[15] The landmark case of Bianchi (Conseil d’Etat Assemblée 9 avril 1993) further expanded the liability of medical practitioners in certain situations. The test in Bianchi as translated into English is worth reciting. It provides that :

When a medical act, necessary for the diagnosis or for the treatment of the patient, presents a risk, the existence of which is known but the occurrence of which is exceptional, and there is no evidence to suggest that the patient is particularly exposed to such risk, the public hospital services are deemed responsible if the execution of the act is the direct cause of harm unrelated to the initial state of the patient as with the foreseeable evolution of that state, presenting characteristics of extreme gravity.

[16] Octobre, because of its special circumstances, applied the Bianchi test to impose on the medical practitioner an obligation of result. Where there are no special circumstances and the damage or loss to the patient is not as a direct result of the medical act or intervention, the application of the Bianchi test will not result in any increased burden on the medical profession.

[17] It can be distinguished from the present case where medical risks and their occurrence were known to the patient and in which circumstances she nevertheless consented to the procedure. We do not accept that every single risk had to be spelt out as it was the evidence of the doctors and the nurse that the seriousness of her condition and the serious risks involved in the operation were explained in Creole to the Appellant.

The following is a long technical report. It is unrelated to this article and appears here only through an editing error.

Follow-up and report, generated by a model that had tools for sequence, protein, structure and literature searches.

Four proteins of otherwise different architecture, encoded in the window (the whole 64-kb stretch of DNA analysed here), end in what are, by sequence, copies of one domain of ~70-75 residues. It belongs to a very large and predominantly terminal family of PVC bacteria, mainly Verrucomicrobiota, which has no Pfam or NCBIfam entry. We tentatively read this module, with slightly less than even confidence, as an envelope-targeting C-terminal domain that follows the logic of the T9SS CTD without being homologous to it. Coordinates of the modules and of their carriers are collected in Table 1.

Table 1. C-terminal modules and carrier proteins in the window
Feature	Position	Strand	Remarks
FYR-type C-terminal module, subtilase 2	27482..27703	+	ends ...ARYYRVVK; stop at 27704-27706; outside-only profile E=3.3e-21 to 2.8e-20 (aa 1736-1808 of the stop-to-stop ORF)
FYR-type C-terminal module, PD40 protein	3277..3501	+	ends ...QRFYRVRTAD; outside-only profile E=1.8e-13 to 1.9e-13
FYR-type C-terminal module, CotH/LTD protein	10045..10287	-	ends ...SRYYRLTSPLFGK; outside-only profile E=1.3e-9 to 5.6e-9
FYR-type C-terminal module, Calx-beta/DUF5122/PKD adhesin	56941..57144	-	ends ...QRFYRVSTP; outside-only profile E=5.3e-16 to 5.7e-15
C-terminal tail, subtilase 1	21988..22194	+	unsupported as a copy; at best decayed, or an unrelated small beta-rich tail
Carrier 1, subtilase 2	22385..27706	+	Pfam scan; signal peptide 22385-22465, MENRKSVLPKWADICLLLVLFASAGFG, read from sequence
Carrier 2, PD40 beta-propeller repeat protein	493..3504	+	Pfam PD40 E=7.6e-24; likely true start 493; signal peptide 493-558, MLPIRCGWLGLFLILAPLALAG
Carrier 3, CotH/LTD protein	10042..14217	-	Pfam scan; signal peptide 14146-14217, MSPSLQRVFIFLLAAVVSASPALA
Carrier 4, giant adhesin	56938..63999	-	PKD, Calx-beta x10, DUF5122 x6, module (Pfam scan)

[18] The Appellant’s underlying condition, extreme thyrotoxicosis, necessitated the medical intervention as a matter of life and death. However, once the medical intervention took place, it was clear that the removal of the thyroid was one issue but that of Appellant’s exsanguination a further complication leading to an additional life and death situation. There was ultimately no proven direct causal relationship between the damage that occurred and fault on the part of the doctors to trigger their liability.

[19] The evidence of Doctor Banda who assisted Doctor Rosabal in explaining the difficult surgery to remove the goitre and then the extreme bleeding is quite telling:

You cannot see, you know it is the right room and you open the door and you find something there. You know it is supposed to be there but really it may have moved to the right, moved to the left…that is one thing. And another thing since during the course it was bleeding, bleeding through many, many points…normally it bleeds but not dramatically. This case the bleeding was serious (sic)..

It was bleeding abnormally… [Verbatim, transcript of proceedings Pages91-92]

[20] Further in his testimony, he refers to the Appellant’s thyroid as a broken pipe which bled at the slightest touch and which was stuck to the trachea enveloped in a net of capillaries and blood vessels. It was therefore after much effort that haemostasis was achieved. It is clear from his testimony that his actions and those of Dr. Rosobal had not only resulted in the removal of the diseased thyroid gland but also in saving the Appellant’s life from death by blood loss.